Chris McGregor was another one, a South African pianist who came with his band, which was a racially mixed band. They left South Africa during the apartheid period in the mid-‘60s and ended up living in London. It was a wonderfully energetic band that mixed Cecil Taylor with Ornette Coleman with highlife music with Ellington. It was a great experience to be around music played with such energy and enthusiasm. Chris is also a fine composer.

I have to say Jack DeJohnette has been a good friend and somebody that has been a champion for me in terms of giving some very good recommendations to people and including me in on things when perhaps I was considered a little bit of a fringe musician and more than somebody involved in the mainstream. Jack I met in England before I came to New York.

Of course Miles was obviously a wonderful opportunity and a great man who, thankfully, heard something in my playing that he thought was worth exploring and having in his group. When I got to New York he was so gracious and encouraging and welcoming, inviting me to his house many times. So that was great.

Anthony Braxton and Sam Rivers. Both of those musicians set great examples for me, in different ways, often. Two people that were equally committed to the thing that they wanted to do.

Betty Carter was incredibly important to me. She gave me some great advice when I was starting to think about starting a band and really gave me some good advice about what it meant to do that; what it meant to be a bandleader. I had a chance to work with her for about a year in the mid-‘70s. After that, she remained a really good friend. Often I would see her and we’d sit and talk about things. She was a nurturer, Betty. She nurtured a lot of people through her band and gave them opportunities. I loved her very much and she was very important to me.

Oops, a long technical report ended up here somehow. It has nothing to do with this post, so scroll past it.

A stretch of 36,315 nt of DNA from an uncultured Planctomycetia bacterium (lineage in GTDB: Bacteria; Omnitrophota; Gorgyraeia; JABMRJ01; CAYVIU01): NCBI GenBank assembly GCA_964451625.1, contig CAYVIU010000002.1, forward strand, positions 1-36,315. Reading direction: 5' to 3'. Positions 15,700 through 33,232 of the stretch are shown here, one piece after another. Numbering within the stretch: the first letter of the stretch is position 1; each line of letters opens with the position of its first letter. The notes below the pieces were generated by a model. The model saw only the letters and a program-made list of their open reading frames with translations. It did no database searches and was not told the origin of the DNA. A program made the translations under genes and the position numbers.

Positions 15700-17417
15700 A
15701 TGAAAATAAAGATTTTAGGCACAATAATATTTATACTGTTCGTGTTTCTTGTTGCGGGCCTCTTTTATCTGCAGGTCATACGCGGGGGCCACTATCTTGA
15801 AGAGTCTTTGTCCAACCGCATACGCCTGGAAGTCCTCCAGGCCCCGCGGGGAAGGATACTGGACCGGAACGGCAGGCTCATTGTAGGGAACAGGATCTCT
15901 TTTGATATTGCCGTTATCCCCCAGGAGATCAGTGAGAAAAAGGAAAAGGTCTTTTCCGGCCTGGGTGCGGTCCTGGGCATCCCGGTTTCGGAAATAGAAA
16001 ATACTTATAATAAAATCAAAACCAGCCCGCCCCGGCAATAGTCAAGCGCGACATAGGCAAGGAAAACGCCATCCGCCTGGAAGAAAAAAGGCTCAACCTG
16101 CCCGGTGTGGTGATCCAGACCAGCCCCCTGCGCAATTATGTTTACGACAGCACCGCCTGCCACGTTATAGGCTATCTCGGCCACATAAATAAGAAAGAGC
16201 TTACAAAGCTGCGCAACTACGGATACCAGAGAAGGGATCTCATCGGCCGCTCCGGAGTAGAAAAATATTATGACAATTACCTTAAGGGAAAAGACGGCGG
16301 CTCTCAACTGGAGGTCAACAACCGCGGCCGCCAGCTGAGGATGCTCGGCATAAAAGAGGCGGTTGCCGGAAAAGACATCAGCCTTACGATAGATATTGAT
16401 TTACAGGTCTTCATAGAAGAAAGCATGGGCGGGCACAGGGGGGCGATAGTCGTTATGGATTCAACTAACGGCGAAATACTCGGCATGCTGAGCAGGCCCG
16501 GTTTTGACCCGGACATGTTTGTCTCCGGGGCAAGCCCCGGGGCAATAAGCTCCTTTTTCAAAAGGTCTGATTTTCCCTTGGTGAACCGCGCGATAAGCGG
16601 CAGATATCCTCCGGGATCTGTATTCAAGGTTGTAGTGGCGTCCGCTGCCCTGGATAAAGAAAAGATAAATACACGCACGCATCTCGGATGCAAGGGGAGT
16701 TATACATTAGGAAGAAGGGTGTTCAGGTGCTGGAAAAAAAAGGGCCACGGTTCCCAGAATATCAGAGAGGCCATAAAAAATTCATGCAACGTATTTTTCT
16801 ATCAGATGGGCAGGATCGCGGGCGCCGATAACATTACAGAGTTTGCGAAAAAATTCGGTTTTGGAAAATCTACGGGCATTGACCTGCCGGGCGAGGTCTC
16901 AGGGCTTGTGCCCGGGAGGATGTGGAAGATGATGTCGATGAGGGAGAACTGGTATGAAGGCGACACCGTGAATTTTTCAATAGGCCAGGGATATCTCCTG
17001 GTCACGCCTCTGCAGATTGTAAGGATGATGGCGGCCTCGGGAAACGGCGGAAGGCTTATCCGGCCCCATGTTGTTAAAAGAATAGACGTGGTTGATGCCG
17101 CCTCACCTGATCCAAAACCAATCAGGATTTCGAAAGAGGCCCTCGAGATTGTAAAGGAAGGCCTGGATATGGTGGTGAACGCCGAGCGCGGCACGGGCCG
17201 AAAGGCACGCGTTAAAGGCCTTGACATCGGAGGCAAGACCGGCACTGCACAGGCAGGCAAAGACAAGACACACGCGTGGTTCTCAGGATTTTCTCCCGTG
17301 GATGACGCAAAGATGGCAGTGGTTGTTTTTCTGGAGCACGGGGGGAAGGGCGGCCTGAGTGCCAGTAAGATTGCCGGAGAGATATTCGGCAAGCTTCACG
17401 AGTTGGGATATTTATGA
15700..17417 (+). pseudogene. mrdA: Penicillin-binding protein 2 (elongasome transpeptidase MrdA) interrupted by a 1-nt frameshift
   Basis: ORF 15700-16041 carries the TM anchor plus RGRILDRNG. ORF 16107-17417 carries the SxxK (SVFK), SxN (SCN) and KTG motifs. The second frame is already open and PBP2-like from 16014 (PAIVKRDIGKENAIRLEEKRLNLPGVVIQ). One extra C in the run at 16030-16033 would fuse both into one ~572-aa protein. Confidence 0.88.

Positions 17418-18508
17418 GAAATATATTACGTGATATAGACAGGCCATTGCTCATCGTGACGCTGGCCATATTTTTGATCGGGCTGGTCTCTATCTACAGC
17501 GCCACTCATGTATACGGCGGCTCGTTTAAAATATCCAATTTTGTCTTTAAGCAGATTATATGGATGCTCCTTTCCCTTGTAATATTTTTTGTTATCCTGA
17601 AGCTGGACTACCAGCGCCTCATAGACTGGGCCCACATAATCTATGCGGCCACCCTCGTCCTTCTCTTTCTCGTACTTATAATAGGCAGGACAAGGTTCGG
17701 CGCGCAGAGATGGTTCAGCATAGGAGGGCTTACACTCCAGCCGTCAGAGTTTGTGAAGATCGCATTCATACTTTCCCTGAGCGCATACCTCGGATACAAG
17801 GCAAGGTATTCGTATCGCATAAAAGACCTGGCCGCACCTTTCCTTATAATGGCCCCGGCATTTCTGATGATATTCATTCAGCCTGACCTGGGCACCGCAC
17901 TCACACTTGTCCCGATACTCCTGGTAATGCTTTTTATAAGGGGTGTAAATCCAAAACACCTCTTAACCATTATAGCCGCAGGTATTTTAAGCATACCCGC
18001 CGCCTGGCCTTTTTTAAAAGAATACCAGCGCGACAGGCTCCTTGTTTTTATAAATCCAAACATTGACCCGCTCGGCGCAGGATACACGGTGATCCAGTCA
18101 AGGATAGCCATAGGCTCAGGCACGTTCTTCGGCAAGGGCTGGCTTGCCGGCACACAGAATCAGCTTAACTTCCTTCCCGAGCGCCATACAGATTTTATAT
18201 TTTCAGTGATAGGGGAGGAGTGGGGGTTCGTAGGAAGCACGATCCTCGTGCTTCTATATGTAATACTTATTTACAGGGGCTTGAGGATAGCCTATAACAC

After that, the musicians I’ve been working with. I’m very close to Robin. He’s been a good friend. There have been a lot of musicians I’ve been associated with in the last 25 years since I started my own group that have really given me the commitment and openness and put up with the hardships of life on the road when you’re doing everything on a tight budget and just trying to get things going.

I’ve left a lot of people out.

Herbie Hancock was a really important figure to me through the ‘90s and up to the present. I started working with him in the ‘90s on a fairly frequent basis. His enthusiasm and positivity and joy of making music helped me lighten up a little bit. I took music very seriously, and still do. But I took myself too seriously. Herbie, when he gets on stage, he wants to play serious music, but he wants to have fun doing it. Being around him really put me back in touch with that thing. There needs to be that part of the experience as well. It’s not only about being concentrated and focused and being serious about your pursuit of the creative ideas you’ve got. It’s also about having fun along the way and putting some joy into it. That was a real gift that he gave to me.

Wayne Shorter has been an inspiration, of course, for his work as a musician. It goes without saying he’s one of the great compositional voices that we’ve had in my lifetime. He’s also a unique and special individual. I don’t see him often enough, but over the years I’ve seen him a number of times; even more frequently recently. He’s always got something interesting to say to you or something that makes you think about it. Stimulating. He refuses to go for the mundane and the calculated in the formula. He always wants to not only surprise his audience, but surprise himself too.